Trigger warning : sexual violence
“I believe that each of us has an inner drive to achieve what we want. You have to find it yourself, I can tell you that from my own experience.”
These are the words of HOKA Racer, ultra-runner, nurse and human trafficking survivor Sameena Van Der Mijden.
Sameena was born in Arnhem, Netherlands, and from the age of 12 had an increasingly troubled home life. After her parents divorced, her mother became dependent on alcohol and grew increasingly violent towards Sameena and her younger brother. But while her brother found support in foster care, Sameena was left with her mother to fend for herself. At just 17 she left home for good, but was vulnerable while depending on the good will of friends, and unfortunately this often meant sleeping on the street.
Sameena formed a relationship with a man when she was 18, but he quickly became possessive and abusive, separating her from her friends, taking her money, and eventually forcing her into sex work. After he branded her and the wound became infected, she ended up in hospital. Here she found a way to escape from her situation and in January 2013 she moved into student housing in another town. She was still suffering from severe depression, but she found solace in running.
“I started running in 2013,
after I escaped the situation
of human trafficking. I had
no money, only a backpack
with some clothes.“
After taking those first steps in January 2013, running has become her greatest passion.
“At first my condition was pretty bad. I started with 2k, then 5k, but now I can run 100km or more. Ultra running brings balance, perseverance, the ability to view things from different angles and above all a lot of positivity.“
In 2016 she ran her first 100 km, and just 2 years later during the RUN Winschoten she became the Dutch Champion over the distance with a time of 8h 47 min and 51 sec.
“It was my biggest accomplishment, to become the Dutch national champion. But the most special races are those in Thailand and Borneo, where I’ve met so many nice people. Running there is amazing”
“I can relate ultra running to the years that I was in the human trafficking situation and being sexually abused. It’s like you can endure your pain, and you can translate it in to power. I think we all have those kinds of power. Whether its running, cycling, or swimming or even painting, I believe every human being has an inner power and inner fire. You just have to find it and you can do whatever you want.”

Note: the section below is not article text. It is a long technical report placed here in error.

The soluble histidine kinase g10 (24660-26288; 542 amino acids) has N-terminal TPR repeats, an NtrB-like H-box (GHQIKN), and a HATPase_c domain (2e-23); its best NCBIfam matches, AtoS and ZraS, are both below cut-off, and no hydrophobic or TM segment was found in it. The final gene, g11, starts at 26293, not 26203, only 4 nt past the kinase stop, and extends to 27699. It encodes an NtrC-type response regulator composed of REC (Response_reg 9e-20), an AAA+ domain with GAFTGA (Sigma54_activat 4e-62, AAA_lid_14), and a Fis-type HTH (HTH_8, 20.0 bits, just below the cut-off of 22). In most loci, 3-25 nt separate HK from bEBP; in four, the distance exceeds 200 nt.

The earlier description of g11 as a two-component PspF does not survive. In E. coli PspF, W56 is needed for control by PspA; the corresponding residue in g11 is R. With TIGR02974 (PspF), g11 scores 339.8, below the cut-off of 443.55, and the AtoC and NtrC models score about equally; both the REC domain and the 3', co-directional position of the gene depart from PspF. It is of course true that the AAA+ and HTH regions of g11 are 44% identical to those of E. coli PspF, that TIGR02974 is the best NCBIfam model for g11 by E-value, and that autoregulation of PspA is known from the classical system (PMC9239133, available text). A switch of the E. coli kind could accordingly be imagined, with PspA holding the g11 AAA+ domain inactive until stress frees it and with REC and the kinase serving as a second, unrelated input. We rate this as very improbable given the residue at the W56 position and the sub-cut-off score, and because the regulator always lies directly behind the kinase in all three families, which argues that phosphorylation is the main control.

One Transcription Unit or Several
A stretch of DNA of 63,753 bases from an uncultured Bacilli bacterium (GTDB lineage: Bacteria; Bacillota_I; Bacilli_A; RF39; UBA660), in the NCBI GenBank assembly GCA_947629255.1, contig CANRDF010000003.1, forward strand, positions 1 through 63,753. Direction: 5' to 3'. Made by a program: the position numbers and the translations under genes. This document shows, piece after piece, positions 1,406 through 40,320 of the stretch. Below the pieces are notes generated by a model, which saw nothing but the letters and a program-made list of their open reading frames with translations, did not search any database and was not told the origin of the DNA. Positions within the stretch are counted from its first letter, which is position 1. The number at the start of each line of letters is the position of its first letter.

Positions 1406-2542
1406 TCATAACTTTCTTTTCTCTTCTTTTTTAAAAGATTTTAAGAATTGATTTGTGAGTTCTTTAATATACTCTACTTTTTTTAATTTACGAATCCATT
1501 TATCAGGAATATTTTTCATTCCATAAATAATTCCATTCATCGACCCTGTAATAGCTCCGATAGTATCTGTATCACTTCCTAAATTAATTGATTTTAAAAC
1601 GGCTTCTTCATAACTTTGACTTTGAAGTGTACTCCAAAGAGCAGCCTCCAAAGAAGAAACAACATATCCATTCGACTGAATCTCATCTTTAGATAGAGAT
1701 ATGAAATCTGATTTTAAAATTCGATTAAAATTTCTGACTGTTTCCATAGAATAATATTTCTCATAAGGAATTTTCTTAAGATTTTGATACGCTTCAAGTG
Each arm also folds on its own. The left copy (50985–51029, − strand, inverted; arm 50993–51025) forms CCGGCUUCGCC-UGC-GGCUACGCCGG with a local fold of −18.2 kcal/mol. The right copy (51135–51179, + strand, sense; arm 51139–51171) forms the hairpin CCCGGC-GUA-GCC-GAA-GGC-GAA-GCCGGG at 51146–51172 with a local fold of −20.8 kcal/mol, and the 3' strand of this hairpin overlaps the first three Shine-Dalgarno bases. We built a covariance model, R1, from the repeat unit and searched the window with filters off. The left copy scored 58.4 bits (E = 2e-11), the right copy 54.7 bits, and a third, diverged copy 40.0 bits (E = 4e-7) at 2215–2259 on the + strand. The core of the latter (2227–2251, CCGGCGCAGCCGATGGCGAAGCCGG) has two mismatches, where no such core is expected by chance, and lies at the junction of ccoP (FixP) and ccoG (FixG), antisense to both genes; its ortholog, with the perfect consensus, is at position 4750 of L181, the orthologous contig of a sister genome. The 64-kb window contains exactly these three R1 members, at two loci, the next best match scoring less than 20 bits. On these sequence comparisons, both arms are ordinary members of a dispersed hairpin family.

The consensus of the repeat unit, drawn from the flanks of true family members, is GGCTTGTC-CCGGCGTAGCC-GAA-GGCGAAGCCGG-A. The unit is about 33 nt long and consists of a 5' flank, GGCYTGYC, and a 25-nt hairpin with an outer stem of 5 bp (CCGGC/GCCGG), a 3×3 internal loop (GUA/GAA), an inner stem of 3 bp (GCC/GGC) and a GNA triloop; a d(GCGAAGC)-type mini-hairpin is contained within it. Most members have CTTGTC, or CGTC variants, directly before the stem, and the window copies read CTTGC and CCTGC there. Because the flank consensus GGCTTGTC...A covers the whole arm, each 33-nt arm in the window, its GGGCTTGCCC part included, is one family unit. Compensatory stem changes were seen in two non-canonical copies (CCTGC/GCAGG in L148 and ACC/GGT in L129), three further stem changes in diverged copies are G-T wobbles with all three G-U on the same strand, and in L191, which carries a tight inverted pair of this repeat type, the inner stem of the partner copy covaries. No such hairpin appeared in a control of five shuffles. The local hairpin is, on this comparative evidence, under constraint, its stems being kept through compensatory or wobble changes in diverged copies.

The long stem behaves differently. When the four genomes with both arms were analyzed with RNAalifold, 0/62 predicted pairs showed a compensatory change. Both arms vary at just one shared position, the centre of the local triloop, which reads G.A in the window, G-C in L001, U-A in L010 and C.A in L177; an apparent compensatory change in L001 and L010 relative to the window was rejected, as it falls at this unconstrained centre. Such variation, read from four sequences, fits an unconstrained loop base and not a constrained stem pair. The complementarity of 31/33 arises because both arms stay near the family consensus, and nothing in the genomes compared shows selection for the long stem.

“I can relate ultra running to the years I was in the human
trafficking situation... You can endure your pain, and you can translate
it into power. I believe we all have those kinds of power.”
Now Sameena works full time as a nurse, but having studied and trained in the areas of sexual exploitation, criminal exploitation and social media, she is also a public speaker and human trafficking advisor.
Last year she also ran 500km on a 3.5km loop, almost 143 laps in 4.5 days, in order to raise money and awareness for the effects of COVID 19.
“Now I am preparing for my next big ultra race, which is 1000km in 10 days or less, but my main goal is to raise awareness for human trafficking.”
makes you happy.
Push your limits,
push your boundaries,
don’t stay in your
But for Sameena running isn’t just about setting big challenges.
“I run everyday. For me it’s very important, it’s part of my daily routine. As a nurse I have to fit it around my shifts – if I have a day shift I run after at 3 or 4pm, if I have an evening or a night shift, I run beforehand. It keeps me balanced, and I think it makes me a better person. I can relate more, I can understand people better. I think it’s the perfect combination to be an ultra runner and a nurse.”
She has shared her important story with us as part of her mission to raise awareness of human trafficking and bring hope to those struggling. But she also wants to inspire every member of our community to get out there and stay active.
Sameena talks to us as part of our ‘find the #TimeToFly’ campaign, encouraging people to prioritise their physical and mental health through running. In June she is running 1000km in 10 days or less to raise money and awareness for victims of human trafficking. You can support her here, or even join her team: